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imageIntroduction: Mastectomy skin flap necrosis is a significant problem in the autologous breast reconstruction. The necrosis may create unsightly scarring, produce contour irregularities, and deform the breast mound. This may lead to a poor reconstruction and patient satisfaction. Most importantly, the development and treatment of mastectomy skin flap necrosis can delay further oncologic treatment.
We performed a retrospective chart review of all patients undergoing autologous breast reconstruction in the past 5 years to examine our incidence and treatment of mastectomy skin flap necrosis. We then used these data to create a management algorithm for mastectomy skin flap necrosis. The goals of this algorithm were as follows: (1) to not delay further oncologic treatment, (2) to expedite the healing time while minimizing patient risk, and (3) to create an aesthetically pleasing breast reconstruction.
Materials and Methods: A retrospective chart review from 2008 to 2013 was performed of all autologous breast reconstruction at our institution. We then analyzed our data and patient outcomes and developed a treatment algorithm.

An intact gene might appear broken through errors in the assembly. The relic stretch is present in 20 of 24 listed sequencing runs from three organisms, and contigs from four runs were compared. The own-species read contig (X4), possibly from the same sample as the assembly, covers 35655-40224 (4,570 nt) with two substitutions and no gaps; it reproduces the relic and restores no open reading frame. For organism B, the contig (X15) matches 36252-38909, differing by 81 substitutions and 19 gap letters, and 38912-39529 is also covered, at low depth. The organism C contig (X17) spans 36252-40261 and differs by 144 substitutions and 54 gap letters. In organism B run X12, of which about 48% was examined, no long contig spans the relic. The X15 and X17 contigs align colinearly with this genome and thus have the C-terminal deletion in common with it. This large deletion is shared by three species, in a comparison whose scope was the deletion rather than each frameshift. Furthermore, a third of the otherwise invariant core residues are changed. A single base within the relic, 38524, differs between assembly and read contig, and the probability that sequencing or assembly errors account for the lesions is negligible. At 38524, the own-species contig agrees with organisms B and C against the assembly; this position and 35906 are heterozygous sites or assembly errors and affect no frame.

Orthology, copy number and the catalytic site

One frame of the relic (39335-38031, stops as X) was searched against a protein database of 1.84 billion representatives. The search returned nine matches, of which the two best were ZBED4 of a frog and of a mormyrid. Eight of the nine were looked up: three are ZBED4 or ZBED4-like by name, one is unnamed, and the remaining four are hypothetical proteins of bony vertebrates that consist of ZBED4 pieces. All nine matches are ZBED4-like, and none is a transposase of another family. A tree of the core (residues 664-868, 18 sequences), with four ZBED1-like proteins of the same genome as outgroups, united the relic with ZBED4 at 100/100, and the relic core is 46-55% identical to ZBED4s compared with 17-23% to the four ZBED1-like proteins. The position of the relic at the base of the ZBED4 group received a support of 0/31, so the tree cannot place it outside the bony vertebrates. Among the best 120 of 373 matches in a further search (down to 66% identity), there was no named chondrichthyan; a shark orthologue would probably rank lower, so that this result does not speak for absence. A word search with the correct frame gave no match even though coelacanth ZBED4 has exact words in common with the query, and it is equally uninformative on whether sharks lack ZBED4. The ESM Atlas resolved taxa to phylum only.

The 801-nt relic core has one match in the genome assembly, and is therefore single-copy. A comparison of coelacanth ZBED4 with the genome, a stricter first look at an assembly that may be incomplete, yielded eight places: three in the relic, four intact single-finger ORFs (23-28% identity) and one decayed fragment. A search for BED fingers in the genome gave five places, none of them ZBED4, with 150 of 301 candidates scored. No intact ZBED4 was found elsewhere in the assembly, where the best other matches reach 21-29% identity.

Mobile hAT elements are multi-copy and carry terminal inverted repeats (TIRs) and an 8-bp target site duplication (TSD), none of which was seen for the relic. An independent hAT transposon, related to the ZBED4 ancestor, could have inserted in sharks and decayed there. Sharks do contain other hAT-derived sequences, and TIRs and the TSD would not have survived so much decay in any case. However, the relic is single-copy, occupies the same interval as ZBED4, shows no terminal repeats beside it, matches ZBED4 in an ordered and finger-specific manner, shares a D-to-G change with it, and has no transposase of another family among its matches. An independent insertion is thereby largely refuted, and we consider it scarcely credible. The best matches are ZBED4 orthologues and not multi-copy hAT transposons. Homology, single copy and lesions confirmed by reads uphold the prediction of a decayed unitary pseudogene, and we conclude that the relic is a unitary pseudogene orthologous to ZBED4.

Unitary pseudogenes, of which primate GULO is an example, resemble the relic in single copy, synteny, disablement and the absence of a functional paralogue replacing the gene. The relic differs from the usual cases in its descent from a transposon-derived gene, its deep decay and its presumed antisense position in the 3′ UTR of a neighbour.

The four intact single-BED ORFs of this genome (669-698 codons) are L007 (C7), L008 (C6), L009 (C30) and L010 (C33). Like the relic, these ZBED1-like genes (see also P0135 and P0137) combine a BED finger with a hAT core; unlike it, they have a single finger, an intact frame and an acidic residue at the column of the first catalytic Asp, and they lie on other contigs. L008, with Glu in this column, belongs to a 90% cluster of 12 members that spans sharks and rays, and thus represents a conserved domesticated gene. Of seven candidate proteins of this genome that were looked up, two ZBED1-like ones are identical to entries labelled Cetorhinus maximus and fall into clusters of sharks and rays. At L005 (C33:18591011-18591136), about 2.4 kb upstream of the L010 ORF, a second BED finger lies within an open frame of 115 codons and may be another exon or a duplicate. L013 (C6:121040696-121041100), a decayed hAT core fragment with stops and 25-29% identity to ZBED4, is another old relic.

Results: We identified 204 patients who underwent autologous free flap breast reconstruction that was performed by the senior author (G.K.L.). Our incidence of mastectomy skin necrosis was 30%. There was no delay in adjuvant oncologic treatment for any of our patients. The development of mastectomy skin necrosis was significant for patients with diabetes (P = 0.03), current tobacco use (P = 0.04), and body mass index (P = 0.01). The time for wound healing was prolonged in patients with a high body mass index (P = 0.04). Regression analysis of wound size showed full-thickness wounds greater than 6 cm2 benefited from operative closure.
Conclusions: Our incidence of mastectomy skin necrosis was 30%. Despite our high incidence mastectomy skin necrosis, we had no delays in adjuvant oncologic treatment. Retrospective data analysis allowed us to then develop a management algorithm for mastectomy skin necrosis. We feel it is advantageous to the patient and the reconstructive outcome to heal the breast wounds in the acute phase (within 3 weeks); and with regression analysis, we found full-thickness wounds greater than 6 cm2 benefit from operative intervention. Finally, patients requiring adjuvant oncologic treatment should be healed as quickly as possible so they may continue on with their oncologic care.

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